A participant takes a rest from the Chitochin-ton festival
A participant takes a rest from the Chitochin-ton festival

Old World charm
Shukunegi, just a few kilometers from Ogi, must be one of the most charming, gloriously unpatronized villages on Sado. Angus Waycott, in his excellent Sado: Japan's Island in Exile, notes that "even by Sado's standards, Shukunegi is a relic from another era." Many of the houses here are 200 years old and most of them look it. One particular building, a wooden corner home said to have been built by a ship's carpenter, is actually in the shape of a prow. Today, Shukunegi is still an active fishing village. If you get up early enough and go down to the tiny harbor or find a nice spot among the countless rock pools here, you can see them setting off in small frigates. Women potter around the village cove later on in the day in their tub-boats. They are easily spotted on walks that are a delight to take along the low cliffs, or along the borders of tobacco fields and the clumps of bamboo that run down to the sea.

Shukunegi is not without culture. During its best-known festival, the Chitochin-ton, the village bursts into unaccustomed life. The festival features a peasant version of the lewd tsuburosashi dances, the gestures of the performance reflecting the antiquity of the village and its indifference to people's amused perception of it as backward.

Dismissed by the big guns of tourism because of its lack of size and obvious marketable features, Shukunegi's sylvan beauty, its houses as tightly engaged with one another as fish scales remains, mercifully, a village apart from the mainstream.

I know because, as I explained before, I took some black and white pictures of the place. If I ever find them, I'll show you.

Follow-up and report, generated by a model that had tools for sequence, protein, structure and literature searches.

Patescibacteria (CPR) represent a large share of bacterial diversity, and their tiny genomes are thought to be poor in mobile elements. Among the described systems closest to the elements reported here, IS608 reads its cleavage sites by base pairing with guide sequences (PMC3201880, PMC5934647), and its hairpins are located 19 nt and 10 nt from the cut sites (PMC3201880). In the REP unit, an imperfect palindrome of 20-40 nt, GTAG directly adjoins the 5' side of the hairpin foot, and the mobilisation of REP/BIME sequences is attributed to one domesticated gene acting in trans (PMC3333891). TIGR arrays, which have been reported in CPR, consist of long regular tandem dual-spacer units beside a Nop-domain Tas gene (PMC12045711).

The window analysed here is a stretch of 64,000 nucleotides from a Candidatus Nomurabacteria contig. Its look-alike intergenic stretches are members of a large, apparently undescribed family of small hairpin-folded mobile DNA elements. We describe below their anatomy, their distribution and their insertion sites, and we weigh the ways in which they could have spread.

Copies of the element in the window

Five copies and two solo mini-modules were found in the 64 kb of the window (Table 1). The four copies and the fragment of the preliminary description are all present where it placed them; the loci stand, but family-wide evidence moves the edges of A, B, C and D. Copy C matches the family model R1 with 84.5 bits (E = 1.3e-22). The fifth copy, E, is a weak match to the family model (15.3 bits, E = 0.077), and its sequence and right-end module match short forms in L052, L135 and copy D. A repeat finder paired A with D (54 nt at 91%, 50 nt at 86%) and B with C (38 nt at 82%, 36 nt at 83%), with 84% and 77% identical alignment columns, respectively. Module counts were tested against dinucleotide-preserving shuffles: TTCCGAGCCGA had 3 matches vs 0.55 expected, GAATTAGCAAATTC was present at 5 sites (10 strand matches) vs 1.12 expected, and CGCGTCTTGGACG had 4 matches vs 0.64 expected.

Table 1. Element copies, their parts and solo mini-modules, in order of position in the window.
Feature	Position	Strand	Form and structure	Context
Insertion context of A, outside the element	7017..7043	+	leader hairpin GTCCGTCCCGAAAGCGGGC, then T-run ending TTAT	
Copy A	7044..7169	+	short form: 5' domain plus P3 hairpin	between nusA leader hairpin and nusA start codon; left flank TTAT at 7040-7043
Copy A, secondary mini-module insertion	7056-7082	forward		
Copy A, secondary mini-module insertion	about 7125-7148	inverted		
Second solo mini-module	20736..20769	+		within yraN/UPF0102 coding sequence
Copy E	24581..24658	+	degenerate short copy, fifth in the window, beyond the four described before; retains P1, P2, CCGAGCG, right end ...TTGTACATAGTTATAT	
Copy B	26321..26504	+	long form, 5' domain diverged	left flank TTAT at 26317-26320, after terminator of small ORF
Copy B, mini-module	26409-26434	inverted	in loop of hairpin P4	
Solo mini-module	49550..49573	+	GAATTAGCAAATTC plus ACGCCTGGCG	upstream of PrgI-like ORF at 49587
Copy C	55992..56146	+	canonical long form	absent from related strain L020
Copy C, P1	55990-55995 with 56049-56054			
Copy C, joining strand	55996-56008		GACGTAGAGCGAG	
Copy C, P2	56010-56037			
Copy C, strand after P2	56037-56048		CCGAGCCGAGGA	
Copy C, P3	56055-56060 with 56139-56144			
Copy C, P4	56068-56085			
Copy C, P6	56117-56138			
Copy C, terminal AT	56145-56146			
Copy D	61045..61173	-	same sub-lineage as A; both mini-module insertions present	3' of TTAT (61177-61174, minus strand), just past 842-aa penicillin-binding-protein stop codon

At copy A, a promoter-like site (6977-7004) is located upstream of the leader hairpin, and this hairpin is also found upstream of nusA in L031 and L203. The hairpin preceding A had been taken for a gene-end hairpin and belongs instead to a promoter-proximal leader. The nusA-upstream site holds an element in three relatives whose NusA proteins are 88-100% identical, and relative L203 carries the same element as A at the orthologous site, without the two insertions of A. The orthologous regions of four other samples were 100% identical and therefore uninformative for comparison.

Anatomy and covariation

This walking trail takes you though orchards near Ogi
This walking trail takes you though orchards near Ogi

Getting there:
Jet-foils operate between Naoetsu and Ogi April-November. The journey takes one hour. Car ferries taking two and a half hours run throughout the year. The main route to Sado is from Ryotsu to Naoetsu in Niigata.

When to go:
Spring and summer. Unless you are fond of climatic extremities and gray weather, the winter months are not recommended. Summer temperatures, with few high altitude mountains, can be very hot and humid.

Where to stay:
The Hotel New Kihachiya (0259-86-3131) is Ogi's top accommodation, though it looks neither new nor top-class. Better value is the Gonzays Ryokan (0259-86-3161) a traditional inn. The very basic Ogi Sakuma-so Youth Hostel, is a stiff 20 minute uphill walk outside Ogi. Minshuku Takayama (0259-98-3573) is a comfortable and affordable lodging place run by a friendly family (Shukunegi has nothing as grand as an inn or hotel) that serves excellent, freshly caught fish dishes. Just west of the village, tucked into a little cove with a deserted beach, is another alternative, the Minshuku Shimizu-so (0259-86-2538).

Fresh sushi and sashimi dishes are the best things to eat on the southern tip of Sado. Two restaurants in Ogi, the Situemon at the end of the main shopping street, and the Sakae-zushi behind the grandly named Marine Plaza, are good eating options.

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Explore the forgotten charms of Shukunegi